Tuesday, April 10, 2012
Author - Beth Stapleton
In 2009, Apple coined the phrase “There’s an app for that”. Never has this statement been truer. In December 2011, the Android Market surpassed the 400,000 app mark, and the Apple App Store now advertises over 500,000 apps for its widely popular iPhone.1,2
The budding availability of different mobile applications also parallels the growth in mobile device usage, as a whole. In fact, Gartner predicts that global smartphones sales will surpass 630 million units in 2012 – up from 472 million units sold in 2011.3,4 While much of this growth is consumer-driven, many organizations are now finding great benefits in the increasing variety of mobile devices and applications that are available to support their mobile workforce. The 2011 ABA Legal Technology Survey Report showed that nearly 88% of lawyers now use a smartphone for law-related tasks while away from their office.5
Attorneys can now practice from anywhere and at any time with the dramatic improvement in mobile technology. Today's mobile devices are e-readers, mobile law libraries, scanners, and time and billing managers. Applications for mobile devices even allow you to create and manage your office documentation, spreadsheets, and presentations. But, perhaps, there's not a more natural progression than merging your mobile device with a voice productivity tool such as digital dictation.
Historically, attorneys used analog tapes or digital handheld recorders to capture their dictations. These methods worked for decades, but using analog and digital handheld recorders have their limits. With analog dictation, tapes can be lost and can break - resulting not only in rework, but also loss of secure client information. Tapes also hold up the document turnaround process, as often a single tape contains multiple recordings, none of which can be transcribed until the tape is full and given to the transcriptionist - who then has the challenge of trying to identify how much work is on that tape, what jobs are there and which ones need priority attention. Moreover, tapes require physical delivery to support staff for transcription, which also affects the timeliness of document turnaround.
While digital dictation via digital handheld recorders solves many of the issues that occur with tape-based dictation, it can also have its own drawbacks. Using a digital handheld recorder, the user typically captures dictations on the device, docks or plugs the device into a PC using a USB cable, and then uploads the audio files to be emailed for transcription or uses a digital dictation workflow system to route the uploaded audio files to support staff. This setup requires attorneys to be in their office or at a computer before they can send their dictations to be transcribed. With mobile dictation through smartphones and tablet devices, this isn’t the case.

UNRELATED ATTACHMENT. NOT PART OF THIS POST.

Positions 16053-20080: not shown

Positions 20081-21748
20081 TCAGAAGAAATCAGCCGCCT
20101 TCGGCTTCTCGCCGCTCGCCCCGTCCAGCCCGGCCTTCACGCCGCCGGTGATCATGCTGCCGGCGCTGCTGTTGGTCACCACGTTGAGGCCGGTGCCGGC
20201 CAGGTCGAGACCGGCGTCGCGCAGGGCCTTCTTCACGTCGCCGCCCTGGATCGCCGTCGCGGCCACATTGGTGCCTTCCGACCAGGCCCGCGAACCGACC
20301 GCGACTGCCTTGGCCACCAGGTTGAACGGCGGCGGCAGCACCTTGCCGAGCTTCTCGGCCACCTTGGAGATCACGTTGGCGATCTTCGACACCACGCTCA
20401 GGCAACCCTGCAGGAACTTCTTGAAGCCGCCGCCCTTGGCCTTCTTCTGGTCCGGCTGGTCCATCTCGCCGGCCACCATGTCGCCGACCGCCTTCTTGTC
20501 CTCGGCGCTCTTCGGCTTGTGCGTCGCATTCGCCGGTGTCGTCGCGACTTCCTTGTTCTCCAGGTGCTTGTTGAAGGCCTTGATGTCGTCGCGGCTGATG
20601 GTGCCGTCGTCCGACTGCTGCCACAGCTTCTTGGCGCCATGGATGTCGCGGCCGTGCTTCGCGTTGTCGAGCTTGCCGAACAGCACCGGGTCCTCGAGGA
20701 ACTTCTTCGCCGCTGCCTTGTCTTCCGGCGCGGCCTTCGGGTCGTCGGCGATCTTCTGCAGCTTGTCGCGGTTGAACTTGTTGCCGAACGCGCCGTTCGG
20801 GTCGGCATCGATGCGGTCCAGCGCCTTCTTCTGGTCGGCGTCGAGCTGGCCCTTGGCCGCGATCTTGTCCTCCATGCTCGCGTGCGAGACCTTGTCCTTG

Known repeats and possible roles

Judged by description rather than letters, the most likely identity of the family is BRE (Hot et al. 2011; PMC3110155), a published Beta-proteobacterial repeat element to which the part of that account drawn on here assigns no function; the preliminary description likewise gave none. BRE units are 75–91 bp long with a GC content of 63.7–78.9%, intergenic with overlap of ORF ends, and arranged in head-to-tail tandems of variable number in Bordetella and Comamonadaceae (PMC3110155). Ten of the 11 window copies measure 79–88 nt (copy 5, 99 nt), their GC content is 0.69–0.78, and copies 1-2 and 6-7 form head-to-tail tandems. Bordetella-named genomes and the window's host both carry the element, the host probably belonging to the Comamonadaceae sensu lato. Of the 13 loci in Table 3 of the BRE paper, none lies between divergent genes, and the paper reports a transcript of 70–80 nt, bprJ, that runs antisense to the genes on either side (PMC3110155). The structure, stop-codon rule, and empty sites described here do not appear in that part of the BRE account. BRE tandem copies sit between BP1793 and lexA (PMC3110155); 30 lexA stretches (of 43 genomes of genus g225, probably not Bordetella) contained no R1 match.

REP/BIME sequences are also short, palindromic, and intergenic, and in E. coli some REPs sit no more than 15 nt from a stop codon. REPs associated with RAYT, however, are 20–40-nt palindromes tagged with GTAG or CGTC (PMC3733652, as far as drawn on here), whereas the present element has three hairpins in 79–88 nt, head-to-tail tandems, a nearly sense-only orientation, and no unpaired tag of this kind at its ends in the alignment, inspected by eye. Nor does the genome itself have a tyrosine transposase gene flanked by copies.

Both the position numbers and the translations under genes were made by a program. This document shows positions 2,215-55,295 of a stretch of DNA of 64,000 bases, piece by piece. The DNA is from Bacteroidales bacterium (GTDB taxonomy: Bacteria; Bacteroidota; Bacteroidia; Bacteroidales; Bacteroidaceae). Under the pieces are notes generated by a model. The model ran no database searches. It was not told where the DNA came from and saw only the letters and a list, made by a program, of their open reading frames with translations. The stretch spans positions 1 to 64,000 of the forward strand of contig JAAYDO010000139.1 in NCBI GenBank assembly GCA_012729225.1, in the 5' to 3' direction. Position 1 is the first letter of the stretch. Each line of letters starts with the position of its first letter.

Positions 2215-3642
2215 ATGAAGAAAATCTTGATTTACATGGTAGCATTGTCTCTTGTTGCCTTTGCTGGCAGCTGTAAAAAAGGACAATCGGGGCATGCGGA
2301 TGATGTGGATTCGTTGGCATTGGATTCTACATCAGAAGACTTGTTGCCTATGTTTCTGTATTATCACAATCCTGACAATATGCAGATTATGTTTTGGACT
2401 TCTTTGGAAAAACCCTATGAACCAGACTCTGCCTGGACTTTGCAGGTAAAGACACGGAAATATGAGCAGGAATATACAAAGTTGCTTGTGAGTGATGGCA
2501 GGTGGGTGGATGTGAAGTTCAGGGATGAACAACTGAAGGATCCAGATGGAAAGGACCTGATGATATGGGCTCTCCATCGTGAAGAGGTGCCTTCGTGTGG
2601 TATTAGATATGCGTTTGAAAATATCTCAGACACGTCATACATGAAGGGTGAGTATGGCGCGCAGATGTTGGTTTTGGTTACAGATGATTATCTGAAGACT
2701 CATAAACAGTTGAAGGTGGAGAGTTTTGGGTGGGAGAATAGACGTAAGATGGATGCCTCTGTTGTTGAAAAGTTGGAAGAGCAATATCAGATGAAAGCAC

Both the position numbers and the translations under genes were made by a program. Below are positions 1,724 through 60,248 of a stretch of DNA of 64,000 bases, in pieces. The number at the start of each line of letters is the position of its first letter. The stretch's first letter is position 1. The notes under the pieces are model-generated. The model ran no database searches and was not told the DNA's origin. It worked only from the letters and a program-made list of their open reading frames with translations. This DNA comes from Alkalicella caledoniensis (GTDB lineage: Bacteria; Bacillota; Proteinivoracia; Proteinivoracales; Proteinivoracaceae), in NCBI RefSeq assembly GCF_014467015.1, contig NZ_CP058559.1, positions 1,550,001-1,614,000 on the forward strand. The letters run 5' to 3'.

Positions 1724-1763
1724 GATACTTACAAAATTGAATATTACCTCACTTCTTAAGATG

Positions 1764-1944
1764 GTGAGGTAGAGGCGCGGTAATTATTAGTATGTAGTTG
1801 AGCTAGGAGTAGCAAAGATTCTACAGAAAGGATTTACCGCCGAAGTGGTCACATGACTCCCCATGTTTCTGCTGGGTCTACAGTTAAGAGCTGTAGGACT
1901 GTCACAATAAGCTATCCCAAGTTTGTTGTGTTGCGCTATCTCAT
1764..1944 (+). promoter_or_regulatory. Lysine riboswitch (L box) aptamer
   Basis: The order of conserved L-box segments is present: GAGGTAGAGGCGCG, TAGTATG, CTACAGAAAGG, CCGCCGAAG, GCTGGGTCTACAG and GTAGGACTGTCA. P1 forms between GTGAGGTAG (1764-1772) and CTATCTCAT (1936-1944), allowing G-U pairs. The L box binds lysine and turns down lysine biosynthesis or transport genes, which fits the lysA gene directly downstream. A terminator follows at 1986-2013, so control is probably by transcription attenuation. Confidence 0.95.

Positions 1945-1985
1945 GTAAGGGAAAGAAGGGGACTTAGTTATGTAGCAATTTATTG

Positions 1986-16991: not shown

Dictation through mobile devices is one of the latest progressions in voice productivity technology. In a digital world, mobile legal professionals can now not only capture dictation while in transit - making productive use of formerly non-productive time, but they can send that work back to the office for completion before ever returning there themselves. Legal professionals can dictate case notes, task directions to support staff, time for billing, etc. and send those recordings instantly to support staff for transcription or follow-up, without requiring the device to be docked or connected to a computer. This allows for a more efficient delivery of information, saving legal professionals energy, time and money.
There are several other advantages to mobile dictation, including:
Furthermore, some mobile dictation applications work with speech recognition (SR) engines to allow for even greater efficiency gains. With the accuracy of SR engines now averaging 95% or greater, mobile dictation with SR capabilities can enable even quicker document turnaround and client responsiveness, as speech-recognized dictations usually only require minor edits before delivering a final document.
In the fast-paced world, where the dynamics of legal practices are changing, legal professionals are becoming more mobile, and many firms are under competitive pressure to deliver information quickly, wouldn’t it be great to have a tool to make your work more efficient. Mobile dictation could be that tool, and it can certainly help to satisfy your appetite for efficiency.
1 Paul, Ian. "Android Market Tops 400,000 Apps." PCWorld. A List Apart Mag., 4 Jan. 2012. Web. 22 Feb. 2012. <http://www.pcworld.com/article/247247/ android_market_tops_400000_apps.html>. 2 "iPhone: From the App Store." Apple.com. Apple, n.d. Web. 22 Feb. 2012. <http://www.apple.com/ iphone/from-the-app-store/>. 3 “Gartner Says Android to Command Nearly Half of Worldwide Smartphone Operating System Market by Year-End 2012.” Gartner Newsroom. Gartner.com. 7 Apr. 2011. Web. 22 Feb. 2012. <http://www.gartner.com/it/page.jsp?id=1622614>. 4 “Gartner Says Worldwide Smartphone Sales Soared in Fourth Quarter of 2011 With 47 Percent Growth.” Gartner Newsroom. Gartner.com. 15 Feb. 2012. Web. 22 Feb. 2012. <http://www.gartner.com/it/page.jsp?id=1924314>. 5 ABA Legal Technology Resource Center. “2011 Legal Technology Survey Report: Mobile Lawyers (Volume VI).” 2011 Legal Technology Survey Report. PDF. July 2011.
Reprinted with the permission of the Law Bulletin Publishing Company®
View the full article in Law Bulletin's Legal Technology Update 2012 here.
3:50 PM Thursday, April 12, 2012
Great post. Looking forward to learning more about this topic.
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